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Traffic management plans should not be complicated, but they should be complete

Site and facility traffic management – By Keith Robinson

According to WorkSafe NZ, traffic management was a factor in 14% of fatal work-related vehicle accidents between 2013 and 2017, mostly involving pedestrians and heavy vehicles or equipment. In this, the first of a series of articles on traffic management, we look at sites and facilities.

We are all familiar with the ‘hierarchy of controls’ (see below) as detailed in the Health and Safety at Work (General Risk and Workplace Management) Regulations 2016. The pyramid is inverted for a reason – we should look to eliminate hazards first, rather than substitute them for lower-risk hazards, and clearly isolation and engineering controls are much better than administrative controls or steel-capped boots and a high-vis vest.

The ‘hierarchy of controls’ from the General Risk and Workplace Management Regulations

The best time to practise good health and safety management is in design. If we can eliminate hazards at the beginning, when we are setting up a site or facility, we won’t have to deal with them throughout the life of that system. Work area zones, pedestrian zones, site one-way systems and standardisation of processes can play a big part in the elimination of issues.

Too much focus on lower controls

The trouble is that most organisations focus on administrative and personal protective equipment (PPE) controls. Let’s look at an example.

There are typically three different types of pedestrians in a logistics workplace:
  • • Occasional – including office staff and external visitors
  • • Workers working in the facility
  • • Pedestrians in relation to trucks being loaded.

In this article we’re going to look at occasional visitors. Facility workers and pedestrians in the loading yard will be covered in later articles.

Pedestrian barriers and walkways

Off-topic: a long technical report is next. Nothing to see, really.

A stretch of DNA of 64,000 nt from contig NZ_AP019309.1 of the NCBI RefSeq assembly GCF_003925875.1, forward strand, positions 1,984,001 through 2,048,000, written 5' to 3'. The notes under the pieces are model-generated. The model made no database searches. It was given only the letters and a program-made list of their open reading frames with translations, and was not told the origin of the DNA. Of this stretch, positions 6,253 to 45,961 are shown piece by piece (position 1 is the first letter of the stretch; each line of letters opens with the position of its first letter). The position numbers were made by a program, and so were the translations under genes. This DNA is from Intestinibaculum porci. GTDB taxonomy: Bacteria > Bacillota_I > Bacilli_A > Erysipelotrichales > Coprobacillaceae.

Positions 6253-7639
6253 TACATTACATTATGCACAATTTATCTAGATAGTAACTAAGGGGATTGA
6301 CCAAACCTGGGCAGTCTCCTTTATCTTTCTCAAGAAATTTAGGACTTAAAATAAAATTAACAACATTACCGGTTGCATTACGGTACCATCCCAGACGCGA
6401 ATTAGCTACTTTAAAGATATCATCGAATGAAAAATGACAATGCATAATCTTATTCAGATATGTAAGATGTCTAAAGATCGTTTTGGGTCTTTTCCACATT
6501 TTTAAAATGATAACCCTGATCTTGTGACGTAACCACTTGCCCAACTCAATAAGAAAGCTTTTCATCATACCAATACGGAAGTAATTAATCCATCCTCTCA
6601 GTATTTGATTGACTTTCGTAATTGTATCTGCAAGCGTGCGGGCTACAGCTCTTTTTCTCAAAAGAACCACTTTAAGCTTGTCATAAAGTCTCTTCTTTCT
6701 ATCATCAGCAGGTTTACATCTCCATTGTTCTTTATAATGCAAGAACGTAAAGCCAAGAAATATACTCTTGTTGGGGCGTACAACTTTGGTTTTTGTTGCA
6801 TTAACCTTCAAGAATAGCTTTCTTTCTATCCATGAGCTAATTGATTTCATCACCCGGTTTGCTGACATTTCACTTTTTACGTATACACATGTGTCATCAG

Rather than using training (an administrative control) and high-vis vests (a PPE control), we should strongly consider elimination or isolation. We need to decide upfront why occasional pedestrians might visit a factory or warehouse – maybe it is to talk to the people at the dispatch desk or just to see what is going on.

By placing occasional pedestrians behind a barrier, they can interact with the facility safely without the need for PPE – and if we don’t need them to wear PPE, it will save the time and supervision required to ensure that it is being worn.

A fun way to ensure that office people wear their PPE is to enforce a ‘chocolate catch’ – where the office worker has to provide a chocolate bar to the warehouse person who catches them not wearing their PPE!

Walkways should be laid throughout the building – all the way to the emergency evacuation point – and adhered to at all times. They need to be kept clear – allowing product to be placed on them degrades the entire concept and sends the wrong message. Remember that forklifts are colour blind, so a painted yellow line intended to exclude forklift entry is unlikely to be successful. Install barriers instead. 

Frequent and documented checks are required to ensure compliance – at least until the workplace safety ‘culture’ changes. Often the health and safety culture is what the workers do when the boss isn’t watching!

Site traffic management 

Traffic management plans should not be complicated. However, they should be complete and include the site address, the route that vehicles should take, any one-way systems and pedestrian routes, the location of emergency equipment, and where vehicles should be loaded/offloaded.

Another way to reduce the risk of harm is to ensure that trucks are on a site for only a short time. By having loads packed, labelled and ready to load before vehicles arrive, vehicles can come, load and go, removing the hazard from the site as soon as possible.

Having time slots for regular movements can ensure the above and makes it easier for forklifts and drivers to be ready for when the truck arrives – this also reduces stress. 

A waiting truck driver tends to wander, have a look around and chat to other waiting drivers. We want them gone – and they want to be gone. Once they are out of our gates, they can’t get hurt on our site – and we all get to go home safely.

Keith Robinson is the principal of Dharma Advisory Services which runs a number of courses in supply chain management, including warehouse design and risk management www.dharmaadvisory.com


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